It started to drizzle as we walked around town, seeing the townhall, library and cathedral. We also visited Mercado Esperanza, the local market where fresh fish, meat and fruit and veg are sold.

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As we started to walk around to the coast the rain got fiercer so we saw the first beach and the Raqueros monuments.

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We eventually hid in a Chiringita and had a clara and tortilla. The rain began to pour so we gave up on walking the coast and got a bus back to the train station and the train back to Torrelavega. After a bit of shopping we returned home. I am now getting ready for the weekend ahead, a festival of wine tasting in La Rioja region! More food, more wine and more exploring to do! (Photo below of sunset, view from my window last night!) It’s still raining this evening….


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Exploring Cantabria; San Vicente de la Barquera, Trasvía and Comillas.

On Wednesday I went for a run around Puente San Miguel in the morning then after breakfast wrote my blog until Francisco finished work. Then all 3 of us went out exploring again. First stop was San Vicente de la Barquera, a coastal town close to Asturias. We stopped for Tapas in a renovated old fishing bar called La Pescador. We ended up with raciones (larger portions of tapas) of Sarten de Carne, huevos rotos y patatas. It arrived at the table as a pan filled with fried potatoes, mincemeat that had chorizo in too and then 2 fried eggs on top. It was delicious. Francisco had Sardines and Jane had strips of pork in garlic with potatoes. After food we walked along the coast, admiring how dry the place looked with the tide out and seeing all the stranded little fishing boats.

IMG_20150805_154133 IMG_20150805_172052 We then walked up hills of cobbled streets to the old town, following the signs of the Camino de Santiago, as this town (as well as the towns explored yesterday) are part of the 760km pilgrimage. We saw a few pilgrims completing that part of the walk later in the evening looking very tired in the heat!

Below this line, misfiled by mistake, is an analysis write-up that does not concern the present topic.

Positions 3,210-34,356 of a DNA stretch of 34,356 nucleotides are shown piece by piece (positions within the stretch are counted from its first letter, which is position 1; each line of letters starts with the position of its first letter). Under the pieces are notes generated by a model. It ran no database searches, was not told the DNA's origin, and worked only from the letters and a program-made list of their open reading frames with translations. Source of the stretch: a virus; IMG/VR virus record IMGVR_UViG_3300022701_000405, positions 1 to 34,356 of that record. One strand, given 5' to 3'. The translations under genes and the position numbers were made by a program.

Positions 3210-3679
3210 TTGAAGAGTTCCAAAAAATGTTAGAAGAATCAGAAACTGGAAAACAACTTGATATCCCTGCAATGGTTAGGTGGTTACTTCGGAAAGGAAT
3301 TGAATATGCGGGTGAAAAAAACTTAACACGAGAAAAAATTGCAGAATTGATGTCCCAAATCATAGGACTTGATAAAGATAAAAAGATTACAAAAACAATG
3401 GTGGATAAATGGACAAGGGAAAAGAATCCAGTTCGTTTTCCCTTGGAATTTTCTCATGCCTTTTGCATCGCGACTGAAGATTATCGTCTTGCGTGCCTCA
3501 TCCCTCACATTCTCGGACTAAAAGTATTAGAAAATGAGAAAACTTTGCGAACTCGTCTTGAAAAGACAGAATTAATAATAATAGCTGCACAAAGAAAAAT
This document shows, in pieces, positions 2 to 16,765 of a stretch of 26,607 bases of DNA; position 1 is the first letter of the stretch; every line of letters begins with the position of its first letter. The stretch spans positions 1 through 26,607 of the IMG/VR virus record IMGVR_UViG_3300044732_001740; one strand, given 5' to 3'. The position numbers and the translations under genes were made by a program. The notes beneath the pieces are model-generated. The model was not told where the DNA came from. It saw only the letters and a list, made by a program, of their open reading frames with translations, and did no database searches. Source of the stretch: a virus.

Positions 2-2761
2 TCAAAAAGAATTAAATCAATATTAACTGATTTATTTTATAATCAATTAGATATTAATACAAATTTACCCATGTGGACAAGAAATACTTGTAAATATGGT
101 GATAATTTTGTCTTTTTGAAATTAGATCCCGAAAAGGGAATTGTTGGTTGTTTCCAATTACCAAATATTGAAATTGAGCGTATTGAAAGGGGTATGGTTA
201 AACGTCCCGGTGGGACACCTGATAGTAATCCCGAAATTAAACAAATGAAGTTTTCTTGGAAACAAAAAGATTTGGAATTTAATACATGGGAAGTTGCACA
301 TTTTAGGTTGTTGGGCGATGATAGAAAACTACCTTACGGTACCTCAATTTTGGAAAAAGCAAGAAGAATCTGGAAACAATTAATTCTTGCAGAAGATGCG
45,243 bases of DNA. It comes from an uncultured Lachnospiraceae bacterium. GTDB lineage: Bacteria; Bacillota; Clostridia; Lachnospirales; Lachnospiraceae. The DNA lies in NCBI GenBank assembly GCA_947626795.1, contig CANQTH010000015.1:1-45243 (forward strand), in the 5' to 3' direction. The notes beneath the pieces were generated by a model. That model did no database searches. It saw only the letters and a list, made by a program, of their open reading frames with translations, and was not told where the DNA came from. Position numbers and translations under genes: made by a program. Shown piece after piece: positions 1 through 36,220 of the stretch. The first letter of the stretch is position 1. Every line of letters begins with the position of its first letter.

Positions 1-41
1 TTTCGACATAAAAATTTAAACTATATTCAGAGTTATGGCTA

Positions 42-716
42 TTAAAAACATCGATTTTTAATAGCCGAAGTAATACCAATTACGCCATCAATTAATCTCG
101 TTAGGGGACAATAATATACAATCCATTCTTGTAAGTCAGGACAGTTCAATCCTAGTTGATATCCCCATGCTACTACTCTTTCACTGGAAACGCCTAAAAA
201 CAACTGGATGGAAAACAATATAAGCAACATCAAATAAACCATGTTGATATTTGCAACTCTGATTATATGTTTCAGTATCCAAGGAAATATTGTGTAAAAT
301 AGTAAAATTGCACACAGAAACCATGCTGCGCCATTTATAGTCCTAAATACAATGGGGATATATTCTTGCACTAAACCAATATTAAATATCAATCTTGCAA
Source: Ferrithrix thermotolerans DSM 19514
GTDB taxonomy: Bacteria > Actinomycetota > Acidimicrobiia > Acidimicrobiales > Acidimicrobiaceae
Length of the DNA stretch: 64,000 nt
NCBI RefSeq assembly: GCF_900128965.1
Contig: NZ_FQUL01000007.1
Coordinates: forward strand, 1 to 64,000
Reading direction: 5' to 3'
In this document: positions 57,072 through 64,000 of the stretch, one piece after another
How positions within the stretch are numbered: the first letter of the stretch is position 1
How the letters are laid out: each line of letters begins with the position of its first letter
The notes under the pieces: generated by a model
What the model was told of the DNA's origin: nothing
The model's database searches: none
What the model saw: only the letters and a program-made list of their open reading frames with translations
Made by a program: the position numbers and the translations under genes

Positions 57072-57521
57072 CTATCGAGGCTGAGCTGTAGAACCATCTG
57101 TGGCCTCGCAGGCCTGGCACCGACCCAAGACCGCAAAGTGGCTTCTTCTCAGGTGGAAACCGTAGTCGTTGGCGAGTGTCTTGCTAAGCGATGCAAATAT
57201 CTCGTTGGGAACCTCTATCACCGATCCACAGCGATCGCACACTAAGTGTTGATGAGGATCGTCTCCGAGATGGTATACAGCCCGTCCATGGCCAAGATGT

In the old town there is a castle called Castillo del Rey but the biggest monument is a huge gothic church, Iglesia de Nuesta Señora de los Angeles. As both are built high up there are incredible views of the surrounding sea and countryside as well as typically Spanish houses with orange tiled roofs.

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Comillas is another seaside town, though this is meant to be where the rich people buy their second houses, and each try to outdo each other with giant, over the top, homes. One of these is El Capricho de Gaudi. A home designed completely over the top by Gaudi that resembles Parc Guell in Barcelona. Its very colourful and has tiny tiles on the outside of the house decorated with sunflowers. The owner of the house was a musician so the balcony is made from metal musical notes. It looks like something out of a fairy tale! IMG_20150805_185500 IMG_20150805_185503 Next door to this house, is one completely the opposite, the Gothic Palacio and Capilla Panteόn de Sobrellano. If Gaudis is from a fairy tale then this one is from a nightmare. The palace is dark and looms over a hill facing the town of Comillas. Next to the palace, the owners only Son died and so they built a gothic church where he is buried. IMG_20150805_190911 IMG_20150805_190818_BURST002 IMG_20150805_190154